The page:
(i) The domain name is identical or confusingly similar to a trademark or service mark in which the complainant has rights; and

(ii) The respondent has no rights or legitimate interests in respect of the domain name; and

(iii) The domain name has been registered and is being used in bad faith.

The Panel will discuss these elements one by one.

A. Identical or Confusingly Similar

6.11 The EXPRESS SCRIPTS mark is registered in the United States of America in various classes relating to pharmaceutical products and services in the name of the Complainant. The Panel is therefore satisfied that the Complainant has rights in this mark.

6.12 The Panel has no difficulty in finding that the Domain Name is confusingly similar to the registered trademark of the Complainant. Although, as the Respondent correctly points out, the words “scrip” and “script” have different literal meanings, the two are visually very similar and phonetically almost indistinguishable.

B. Rights or Legitimate Interests

6.13 Paragraph 4(c) of the Policy sets out examples of circumstances that demonstrate rights or legitimate interests in a domain name. The Complainant asserts that the Respondent is neither known under nor linked to the name “Express Scrips”, nor was he at any time authorised by the Complainant to use the mark EXPRESS SCRIPTS (paragraph 4 (c)(ii) of the Policy). The Respondent does not deny these assertions in its Response.

6.14 It is clear that no legitimate non-commercial or fair use is being made of the Domain Name without intent for commercial gain (paragraph 4 (c)(iii) of the Policy). The Respondent’s business is the registration and sale of expired domain names which by definition must signify that there is commercial gain involved.

6.15 The Panel also accepts that before notice of the dispute began, the Domain Name was not being used by the Respondent in connection with a bona fide offering of goods and services (paragraph 4 (c)(i) of the Policy). The Respondent had apparently “parked” the Domain Name until it could be sold and the advertisements on the site were generated by the parking company. In this way, the Respondent allowed the parking company free reign over content.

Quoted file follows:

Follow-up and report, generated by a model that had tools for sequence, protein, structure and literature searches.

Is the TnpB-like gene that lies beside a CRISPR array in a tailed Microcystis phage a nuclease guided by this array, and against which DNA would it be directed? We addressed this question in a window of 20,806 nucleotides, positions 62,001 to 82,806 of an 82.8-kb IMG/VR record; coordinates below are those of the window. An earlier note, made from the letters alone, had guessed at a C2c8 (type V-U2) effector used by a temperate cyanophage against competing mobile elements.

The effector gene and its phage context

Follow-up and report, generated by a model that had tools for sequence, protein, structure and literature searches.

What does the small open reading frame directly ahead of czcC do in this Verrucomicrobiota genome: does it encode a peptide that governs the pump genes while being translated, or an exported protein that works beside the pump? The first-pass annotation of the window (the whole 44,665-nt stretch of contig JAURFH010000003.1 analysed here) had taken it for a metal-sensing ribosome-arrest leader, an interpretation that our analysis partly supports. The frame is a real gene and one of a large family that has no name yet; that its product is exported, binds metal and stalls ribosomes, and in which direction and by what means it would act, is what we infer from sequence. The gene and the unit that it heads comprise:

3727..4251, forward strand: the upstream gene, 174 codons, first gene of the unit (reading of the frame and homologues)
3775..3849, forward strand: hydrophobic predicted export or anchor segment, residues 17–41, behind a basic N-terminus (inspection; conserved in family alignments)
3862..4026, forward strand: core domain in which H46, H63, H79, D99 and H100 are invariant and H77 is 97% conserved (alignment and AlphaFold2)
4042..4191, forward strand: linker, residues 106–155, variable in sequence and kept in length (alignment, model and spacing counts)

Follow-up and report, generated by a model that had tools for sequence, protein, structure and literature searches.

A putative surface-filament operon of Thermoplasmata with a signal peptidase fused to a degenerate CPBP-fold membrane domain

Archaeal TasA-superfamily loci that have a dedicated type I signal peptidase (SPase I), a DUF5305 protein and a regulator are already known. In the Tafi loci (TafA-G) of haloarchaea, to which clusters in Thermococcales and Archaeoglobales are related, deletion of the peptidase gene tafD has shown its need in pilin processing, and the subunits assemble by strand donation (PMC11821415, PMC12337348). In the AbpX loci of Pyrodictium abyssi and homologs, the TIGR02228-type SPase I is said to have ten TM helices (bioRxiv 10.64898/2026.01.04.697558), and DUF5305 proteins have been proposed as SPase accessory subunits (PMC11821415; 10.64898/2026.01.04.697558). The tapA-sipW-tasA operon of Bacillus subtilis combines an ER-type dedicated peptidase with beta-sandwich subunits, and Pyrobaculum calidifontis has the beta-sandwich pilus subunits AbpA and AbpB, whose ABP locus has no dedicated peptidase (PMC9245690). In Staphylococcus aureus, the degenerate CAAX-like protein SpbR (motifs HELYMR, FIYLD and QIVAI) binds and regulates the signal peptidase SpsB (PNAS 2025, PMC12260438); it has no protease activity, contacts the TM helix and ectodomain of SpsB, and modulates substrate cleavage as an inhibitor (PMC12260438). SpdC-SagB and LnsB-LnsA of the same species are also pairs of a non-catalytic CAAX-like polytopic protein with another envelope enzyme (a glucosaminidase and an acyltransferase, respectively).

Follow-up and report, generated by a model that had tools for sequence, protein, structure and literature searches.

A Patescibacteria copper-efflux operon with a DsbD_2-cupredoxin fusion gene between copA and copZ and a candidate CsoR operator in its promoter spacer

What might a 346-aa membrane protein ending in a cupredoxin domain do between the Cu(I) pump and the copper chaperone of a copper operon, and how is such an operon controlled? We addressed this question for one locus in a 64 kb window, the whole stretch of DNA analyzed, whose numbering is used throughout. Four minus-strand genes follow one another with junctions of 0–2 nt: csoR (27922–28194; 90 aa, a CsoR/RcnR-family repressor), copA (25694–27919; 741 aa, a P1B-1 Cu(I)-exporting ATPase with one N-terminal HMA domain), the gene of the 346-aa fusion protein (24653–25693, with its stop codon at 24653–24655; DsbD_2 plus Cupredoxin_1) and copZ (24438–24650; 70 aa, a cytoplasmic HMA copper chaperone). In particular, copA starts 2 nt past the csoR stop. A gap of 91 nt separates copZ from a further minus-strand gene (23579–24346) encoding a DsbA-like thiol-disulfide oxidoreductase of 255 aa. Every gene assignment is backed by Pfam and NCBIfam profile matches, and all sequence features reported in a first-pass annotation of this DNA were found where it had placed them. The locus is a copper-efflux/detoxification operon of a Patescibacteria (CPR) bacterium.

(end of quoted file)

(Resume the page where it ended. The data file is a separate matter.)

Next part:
6.16 The Panel therefore finds that the Respondent has no legitimate rights or interests in the Domain Name and that the Complainant has therefore satisfied the requirements of paragraph 4(a)(ii) of the Policy.

C. Registered and Used in Bad Faith

6.17 According to the Respondent’s own submissions in the Response, it made a conscious decision whether or not to register the Domain Name. For example, it asserts that the reason why it registered the Domain Name is that it was “attracted to it by the words express scrips”. However, the Panel on the evidence before it does not accept that (as the Respondent appears to maintain) this was the likely sole or main reason for registration in this case.

6.18 The Respondent explains that the word “scrip” signifies something that is a substitute for currency that is not legal tender and the Panel accepts that “express” and ”scrips” might well be considered in isolation to be ordinary English words with generic meaning. However, together they are an unusual combination of words. They have no obvious meaning when used together except as a misspelling of the well-known trademark of the Complainant.

6.19 The Panel is also prepared to accept for present purposes that the Respondent is in the business of registering domain names “that have been abandoned by the original registrants”. Nevertheless, without a more compelling explanation as to why this particular domain name was chosen, and given that the Respondent appears to contend that it made a positive decision to register this Domain Name, it seems most likely that the Domain Name was chosen with its associations with the Complainant in mind.

6.20 Any doubt in the minds of the Panel as to the motives of the Respondent in registering the Domain Name is dispelled by the fact that the Complainant puts forward evidence of the fact that the Respondent has a history of registering domain names that on their face appear to involve misspellings or mistypings of the names of trademarks, companies or businesses of third parties. These domains include (but are not limited to):







The Respondent does not deny in its Response that it has registered these domain names and offers no explanation as to why it did so.

6.21 The only material before the Panel that points in the other direction is the bare assertion found in the Response to which a Mr “Stuart Cartwright” has put his name that:

“I has [sic] never heard of express-scripts and the name does not subject [sic] a link with online drugs.”